In my first blog post on conscious consumption, I listed some ways we decrease consumerism in my family. It focused on getting the most out of your products and being conscious of things you use that you may not need.
In my pursuit of a more minimal lifestyle, there are additional things I’ve found to curb unconscious consumerism as I slowly inch toward the lofty aspiration of zero waste. This sequel post focuses on convenience and disposable items and an attempt to ween ourselves from them.
Juice box detox
The addiction was strong for my kids and their friends. It was too easy for them to open the fridge and grab one every time they got thirsty, far easier than getting a cup and pouring a drink. It was convenient for me too because the later resulted in spills.
Juice boxes and pouches are designed for drinks on the go. They are super handy to pack in lunches, but we were using them beyond that, buying one and sometimes two cases each week without a second thought. They are not recyclable in my area and I regret using so many.
At the beginning of last summer, I decided to stop buying juice boxes. There was some resistance at first, but new habits were formed within a short time and juice boxes were forgotten. The kids survived, my daughter mastered pouring her own drink, and everyone drank more water. Now when we need a drink to go, it’s poured in our reusable water bottles. We use a thermos to pack drinks for lunch, and I feel good about eliminating this convenience item from the grocery list, not to mention the money we’re saving!
Bagless food storage
Lunch box packing also wiped out a box of plastic food storage bags in a snap. The longer I recycled, the more I questioned everything we threw away so I was bothered by how many we used.
A really simple fix for lunches was to get reusable containers to fit the food we packed. But our unconscious use of these bags didn’t stop there. I realized how often I use them when there are other substitutes with a little effort and creativity.
Instead of habitually reaching for a bag when cleaning leftovers, I forced myself to find alternatives. Sometimes I take storage containers out of the dishwasher and wash them if nothing’s left in the cabinet, or use a covered casserole dish to store similar leftovers together.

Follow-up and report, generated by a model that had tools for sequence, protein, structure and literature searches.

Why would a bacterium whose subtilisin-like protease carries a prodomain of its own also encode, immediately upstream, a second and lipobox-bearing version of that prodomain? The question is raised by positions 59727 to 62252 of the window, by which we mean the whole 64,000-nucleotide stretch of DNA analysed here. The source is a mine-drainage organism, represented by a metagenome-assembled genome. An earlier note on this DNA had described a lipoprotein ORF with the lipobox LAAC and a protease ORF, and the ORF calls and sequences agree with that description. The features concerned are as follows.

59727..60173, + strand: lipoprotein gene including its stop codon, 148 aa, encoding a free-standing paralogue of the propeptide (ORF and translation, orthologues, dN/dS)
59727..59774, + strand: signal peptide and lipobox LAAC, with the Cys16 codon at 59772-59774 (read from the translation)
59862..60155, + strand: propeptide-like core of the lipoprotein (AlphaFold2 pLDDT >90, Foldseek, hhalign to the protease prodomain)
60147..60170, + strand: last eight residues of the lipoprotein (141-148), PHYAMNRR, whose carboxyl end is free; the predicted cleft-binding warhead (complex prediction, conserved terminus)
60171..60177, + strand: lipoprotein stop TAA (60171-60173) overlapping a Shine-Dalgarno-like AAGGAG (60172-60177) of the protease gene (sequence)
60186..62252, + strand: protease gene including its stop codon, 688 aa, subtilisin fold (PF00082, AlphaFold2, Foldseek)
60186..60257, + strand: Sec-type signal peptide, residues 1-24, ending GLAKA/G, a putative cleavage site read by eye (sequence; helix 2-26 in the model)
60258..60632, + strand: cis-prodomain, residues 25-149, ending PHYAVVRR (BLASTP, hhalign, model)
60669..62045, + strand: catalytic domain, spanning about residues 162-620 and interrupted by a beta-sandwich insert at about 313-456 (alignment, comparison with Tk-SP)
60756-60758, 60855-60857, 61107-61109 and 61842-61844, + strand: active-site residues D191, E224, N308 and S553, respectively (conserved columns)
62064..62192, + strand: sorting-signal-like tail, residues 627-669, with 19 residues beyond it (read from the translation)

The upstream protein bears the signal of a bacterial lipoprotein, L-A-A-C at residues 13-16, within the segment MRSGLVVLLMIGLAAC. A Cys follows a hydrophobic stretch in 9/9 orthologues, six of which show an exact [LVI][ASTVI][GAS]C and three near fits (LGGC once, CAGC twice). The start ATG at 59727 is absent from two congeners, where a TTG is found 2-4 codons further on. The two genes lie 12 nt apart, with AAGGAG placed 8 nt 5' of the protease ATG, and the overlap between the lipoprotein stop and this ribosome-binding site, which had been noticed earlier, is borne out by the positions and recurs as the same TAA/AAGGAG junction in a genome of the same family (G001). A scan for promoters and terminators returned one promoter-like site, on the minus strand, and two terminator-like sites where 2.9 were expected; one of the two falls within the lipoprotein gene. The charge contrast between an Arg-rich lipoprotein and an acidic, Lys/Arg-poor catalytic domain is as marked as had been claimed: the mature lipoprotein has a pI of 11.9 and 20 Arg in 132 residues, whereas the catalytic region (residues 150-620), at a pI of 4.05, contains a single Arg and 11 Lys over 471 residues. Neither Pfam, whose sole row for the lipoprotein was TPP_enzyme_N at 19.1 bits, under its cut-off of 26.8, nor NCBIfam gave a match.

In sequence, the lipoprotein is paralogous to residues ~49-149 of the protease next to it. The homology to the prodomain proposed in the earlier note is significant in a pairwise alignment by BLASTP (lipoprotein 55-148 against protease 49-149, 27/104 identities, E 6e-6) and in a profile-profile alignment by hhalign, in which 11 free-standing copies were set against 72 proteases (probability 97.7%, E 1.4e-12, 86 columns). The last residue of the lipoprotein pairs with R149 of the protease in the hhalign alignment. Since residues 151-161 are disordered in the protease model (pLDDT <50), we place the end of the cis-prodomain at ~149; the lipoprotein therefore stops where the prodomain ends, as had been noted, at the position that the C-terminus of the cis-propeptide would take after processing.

Mason jars are wonderful for storing all sorts of things I used to put in bags. They have become my favorite way to store food and have moved from the garage to a more prominent shelf in the kitchen.
I recently took them to an out-of-town Whole Foods to carry bulk bin groceries home. I’m also amazed at how well they store dinner leftovers that I never considered putting in jars before.
Now we hardly use plastic bags at all and I rarely buy them. If one makes its way home with school projects or things we’re given and it’s clean, it’s set aside for use with other things such as packing toiletries for travel or bagging items to sell at consignment.
Plastic party purge
Buying disposable dinnerware each time we had a party was second nature. My everyday dishes were several place settings short of enough to serve our guests, and my China rarely fit the occasions, which were most often kids’ birthday parties. Plus, disposable plates and cups that matched the theme added to the décor.
I’m finding now that using real plates, cups, silverware, and tablecloths makes the party seem more special and that there are plenty of other environmentally friendly alternatives to carry the party theme. It has been worth buying the extra dishes to have enough for the usual amount of guests we serve.
When you have white or neutral-colored dishes and linens, the food you serve takes center stage. Nature provides an abundance of decorations that are affordable and available at garden centers, farmers markets, or your backyard depending on the season.
For kids’ parties, my favorite decorations are made with tissue paper, which is recycled after the party. I’ve made pompoms to hang from the ceiling, flowers to decorate tables, the Hollywood hills sign, Winnie the Pooh’s house, tiki torches, and much more all from tissue paper and cardboard.
Knowing what I know now about how unlikely it is that almost any type of garbage will decompose in a landfill, I cringe at the thought of all the plastic silverware, cups, and plates I’ve sent there over the years.
For a while, I switched to paper plates thinking it helped, but I can’t deny that the best option is to avoid all disposables when possible. Cleanup is worth the small amount of extra effort when you think about how clean you’re keeping the environment.
I’m amazed at how easy it’s been to slow or eliminate our consumption of some products that I never considered alternatives to before. Reconditioning hasn’t required any major sacrifices, and going back to the way we did things just a short while ago isn’t appealing anymore.
Have you had luck eliminating disposable products that your family had grown accustomed to? I look forward to sharing new discoveries with you as I search for more myself and hope you will do the same!
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